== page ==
The Power of Human Connection to Endure During Challenging Times
It is hard to believe all that has transpired in the world since prior to Spring break with respect to managing our lives during a pandemic. We have to navigate physical distancing as we take refuge in our homes and gather around the television to watch Dr. Bonnie Henry deliver her daily message on new COVID cases and fatalities. We can no longer hug each other as we endure the devastation to the economy and recognize the implications this virus will have on our society in the future. Travel will be substantially altered, online ordering will escalate, and restaurants and other businesses that engage directly with the public will need to find innovative ways to survive. Visions of masked individuals only comfortable interacting with others through Zoom certainly makes me concerned that this virus will undermine our sense of humanity. I appreciate cheap gas prices, a cleaner environment, and a focus on what really matters, but I do not want to lose our sense of community and the joy of connecting with each other in face to face contact to be lost in the process.
Certainly the education system is being challenged during this crisis. The move to remote learning, learning digital platforms, and communicating with students and families through video conferencing has been a daunting transition for teachers, support workers, children, and parents. This technological revolution has unfolded far quicker because of the urgency of the situation we are facing and has resulted in beneficial gains in terms of personalized learning, flexibility, and communication. However, children and teachers still miss each other – the power of relationships has always been at the centre of education and is why technological advances will never completely replace the power of face to face contact.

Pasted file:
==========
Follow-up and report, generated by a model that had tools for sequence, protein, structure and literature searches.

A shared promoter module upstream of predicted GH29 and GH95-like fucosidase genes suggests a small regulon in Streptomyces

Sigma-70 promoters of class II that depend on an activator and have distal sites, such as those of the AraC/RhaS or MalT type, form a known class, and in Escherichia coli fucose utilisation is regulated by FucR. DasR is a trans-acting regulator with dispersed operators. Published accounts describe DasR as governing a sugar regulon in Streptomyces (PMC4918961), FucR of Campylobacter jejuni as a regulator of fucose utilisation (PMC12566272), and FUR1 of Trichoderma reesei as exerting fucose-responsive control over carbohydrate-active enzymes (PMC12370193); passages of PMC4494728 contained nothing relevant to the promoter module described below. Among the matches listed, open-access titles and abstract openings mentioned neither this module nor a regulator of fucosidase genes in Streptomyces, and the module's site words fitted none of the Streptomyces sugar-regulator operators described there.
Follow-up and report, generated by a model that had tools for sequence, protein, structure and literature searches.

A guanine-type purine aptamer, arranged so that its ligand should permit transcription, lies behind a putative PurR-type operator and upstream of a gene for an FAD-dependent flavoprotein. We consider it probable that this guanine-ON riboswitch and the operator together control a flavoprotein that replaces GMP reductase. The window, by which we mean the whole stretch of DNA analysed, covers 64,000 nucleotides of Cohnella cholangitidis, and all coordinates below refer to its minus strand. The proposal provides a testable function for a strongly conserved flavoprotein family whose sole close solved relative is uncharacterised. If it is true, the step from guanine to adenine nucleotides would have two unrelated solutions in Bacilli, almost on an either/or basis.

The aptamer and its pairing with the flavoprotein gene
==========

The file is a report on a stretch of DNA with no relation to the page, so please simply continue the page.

The next challenge will be transitioning students back to school. The culture of fear still lingers for some in the community. Dr. Bonnie Henry will be a crucial voice in changing this narrative. Many parents will be reluctant to send their children back to school prior to the end of June unless this fear factor is addressed, and they have complete confidence in the safety of their children in a regular classroom setting. Will children need to be spaced apart? How will classes be organized? How will breaks be structured? How will we manage adult access to the buildings and within the buildings? Will remote learning continue alongside regular classroom instruction? All good questions – with few concrete solutions to this point.
In the days ahead I hope we can continue to remind ourselves of what is really important in our lives, support those in the community that need our help, and not let this pandemic erode the power of human connection.